I’ve never been a runner. Playing tag in grade school is the closest thing I can think of that involved running. But to my happy surprise, for the past few months, I’ve ran more miles, and explored more of New York City, on foot, than I could have imagined in my 17 years of living here.
A good friend of mine, who had just moved from Los Angeles, persuaded me to run with the NYC Bridgerunners for the first time. Having just completed the month of Ramadan, I was ready to take a more active role in my health and well-being; so I said, “why not, I can go for a short run.”
That short run became a nearly 10-mile jaunt, on one of the hottest days of the summer, through the hills and parks of Staten Island, a part of New York that I’ve only visited once before. By the time I reached the ferry terminal at the end of the run, nearing 11pm, drenched in sweat, my legs like Jell-O, I was hooked.
I was hooked on the adventure of running through the unknown parts of this city at night. I was hooked to the ache of my legs, that good ache that only comes after a great workout. But most importantly, I was hooked to the charisma and hospitality of the other runners, strangers to me at that point, but motivators nonetheless, without whose support and words of encouragement during that brutal run, I don’t think I would have finished. They didn’t pretend to be big shots, or runners with egos, they understood my struggle to keep up, they kept pace with me, offering conversation or just the sound of their breathing, letting me know that we were in it together.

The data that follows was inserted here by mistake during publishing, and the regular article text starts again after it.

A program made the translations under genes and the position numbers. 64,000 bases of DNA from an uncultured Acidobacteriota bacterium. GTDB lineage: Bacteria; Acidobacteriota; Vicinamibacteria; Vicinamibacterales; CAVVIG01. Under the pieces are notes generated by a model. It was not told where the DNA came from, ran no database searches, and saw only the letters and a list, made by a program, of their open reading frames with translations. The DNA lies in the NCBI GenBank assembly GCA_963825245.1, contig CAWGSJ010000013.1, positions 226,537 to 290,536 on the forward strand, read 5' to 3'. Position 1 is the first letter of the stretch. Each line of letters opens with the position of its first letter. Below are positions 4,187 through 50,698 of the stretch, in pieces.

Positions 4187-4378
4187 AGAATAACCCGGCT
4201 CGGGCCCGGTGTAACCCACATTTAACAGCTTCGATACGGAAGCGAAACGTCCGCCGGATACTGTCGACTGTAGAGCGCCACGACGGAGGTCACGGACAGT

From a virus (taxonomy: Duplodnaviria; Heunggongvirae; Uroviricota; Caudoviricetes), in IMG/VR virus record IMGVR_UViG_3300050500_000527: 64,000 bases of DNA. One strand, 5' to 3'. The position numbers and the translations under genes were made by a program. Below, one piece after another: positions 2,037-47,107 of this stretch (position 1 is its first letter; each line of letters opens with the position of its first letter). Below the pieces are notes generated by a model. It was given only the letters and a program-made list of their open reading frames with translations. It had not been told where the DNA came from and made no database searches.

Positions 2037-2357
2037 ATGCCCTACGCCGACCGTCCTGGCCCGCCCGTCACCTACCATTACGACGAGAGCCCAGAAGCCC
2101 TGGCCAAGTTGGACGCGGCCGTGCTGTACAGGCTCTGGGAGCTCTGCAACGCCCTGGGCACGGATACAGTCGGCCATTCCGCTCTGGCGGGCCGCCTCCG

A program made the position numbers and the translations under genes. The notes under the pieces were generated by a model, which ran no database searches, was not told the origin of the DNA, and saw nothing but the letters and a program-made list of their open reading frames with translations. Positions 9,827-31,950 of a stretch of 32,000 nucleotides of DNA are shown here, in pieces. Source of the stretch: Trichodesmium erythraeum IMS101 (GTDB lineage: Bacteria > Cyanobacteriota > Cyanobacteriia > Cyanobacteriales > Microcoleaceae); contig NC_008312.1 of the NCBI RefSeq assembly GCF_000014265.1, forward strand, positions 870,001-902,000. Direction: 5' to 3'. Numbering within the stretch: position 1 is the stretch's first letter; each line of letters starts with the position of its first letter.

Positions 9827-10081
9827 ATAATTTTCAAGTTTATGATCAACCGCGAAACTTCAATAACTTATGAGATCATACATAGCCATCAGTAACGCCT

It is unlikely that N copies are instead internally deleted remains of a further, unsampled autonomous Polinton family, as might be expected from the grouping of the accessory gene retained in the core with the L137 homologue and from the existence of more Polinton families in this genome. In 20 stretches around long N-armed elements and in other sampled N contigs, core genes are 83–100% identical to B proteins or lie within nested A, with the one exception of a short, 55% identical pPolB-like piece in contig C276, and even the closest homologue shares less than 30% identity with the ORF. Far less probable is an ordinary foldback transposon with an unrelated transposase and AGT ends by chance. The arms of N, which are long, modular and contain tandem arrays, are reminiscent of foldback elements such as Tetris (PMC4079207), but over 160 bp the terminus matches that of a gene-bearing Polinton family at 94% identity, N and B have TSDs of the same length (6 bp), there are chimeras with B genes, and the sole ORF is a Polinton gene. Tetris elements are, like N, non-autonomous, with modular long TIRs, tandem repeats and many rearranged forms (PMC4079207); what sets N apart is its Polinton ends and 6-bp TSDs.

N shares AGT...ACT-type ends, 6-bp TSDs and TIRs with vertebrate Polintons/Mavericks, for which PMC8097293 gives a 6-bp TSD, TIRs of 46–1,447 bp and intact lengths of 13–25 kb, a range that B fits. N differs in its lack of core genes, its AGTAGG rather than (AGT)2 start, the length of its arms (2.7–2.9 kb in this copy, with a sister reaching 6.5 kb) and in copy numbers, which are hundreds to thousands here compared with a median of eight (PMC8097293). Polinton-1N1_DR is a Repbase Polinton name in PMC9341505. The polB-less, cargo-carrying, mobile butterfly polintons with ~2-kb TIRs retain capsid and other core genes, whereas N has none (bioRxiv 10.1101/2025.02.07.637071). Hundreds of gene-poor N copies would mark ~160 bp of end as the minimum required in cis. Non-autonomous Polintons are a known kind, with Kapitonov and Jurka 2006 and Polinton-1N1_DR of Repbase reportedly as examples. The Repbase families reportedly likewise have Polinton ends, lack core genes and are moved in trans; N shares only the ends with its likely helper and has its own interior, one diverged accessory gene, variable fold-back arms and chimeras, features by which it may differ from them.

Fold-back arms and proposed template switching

The NYC Bridgerunners have a saying: “Just show up!” When you come to a Bridgerunners meet, it doesn’t matter who you are, what you do, your age, gender, sexual orientation, or your experience with running. All you have to do is just show up, and you are welcomed like family. We run together over bridges, through alleyways, in the middle of the streets, and like family we support each other.
Rain or shine, in the heat of summer or in the chill of winter, the Bridgerunners just show up, and they run on. Though they only meet once a week on Wednesdays, they have built a wide reaching community of runners that are always willing to gather for running events that occur frequently throughout New York.
I used to think that my work and lifestyle didn’t afford me enough time to stay active, but with my recent experience with Bridgerunners and its members, I’m more motivated to run every chance I get, and wherever I am. Bridgerunners taught me that you can run anywhere and anytime; that you can run at your own pace; that you’re running for yourself and your own well-being. Being able to run through a human tunnel of cheering faces after you’ve just ran over the Brooklyn Bridge on a clear summer night, is pretty amazing. It’s a simple validation of your effort that isn’t owed to you, but given freely out of solidarity by the Bridgerunners crew.
Images by Paulsta Wong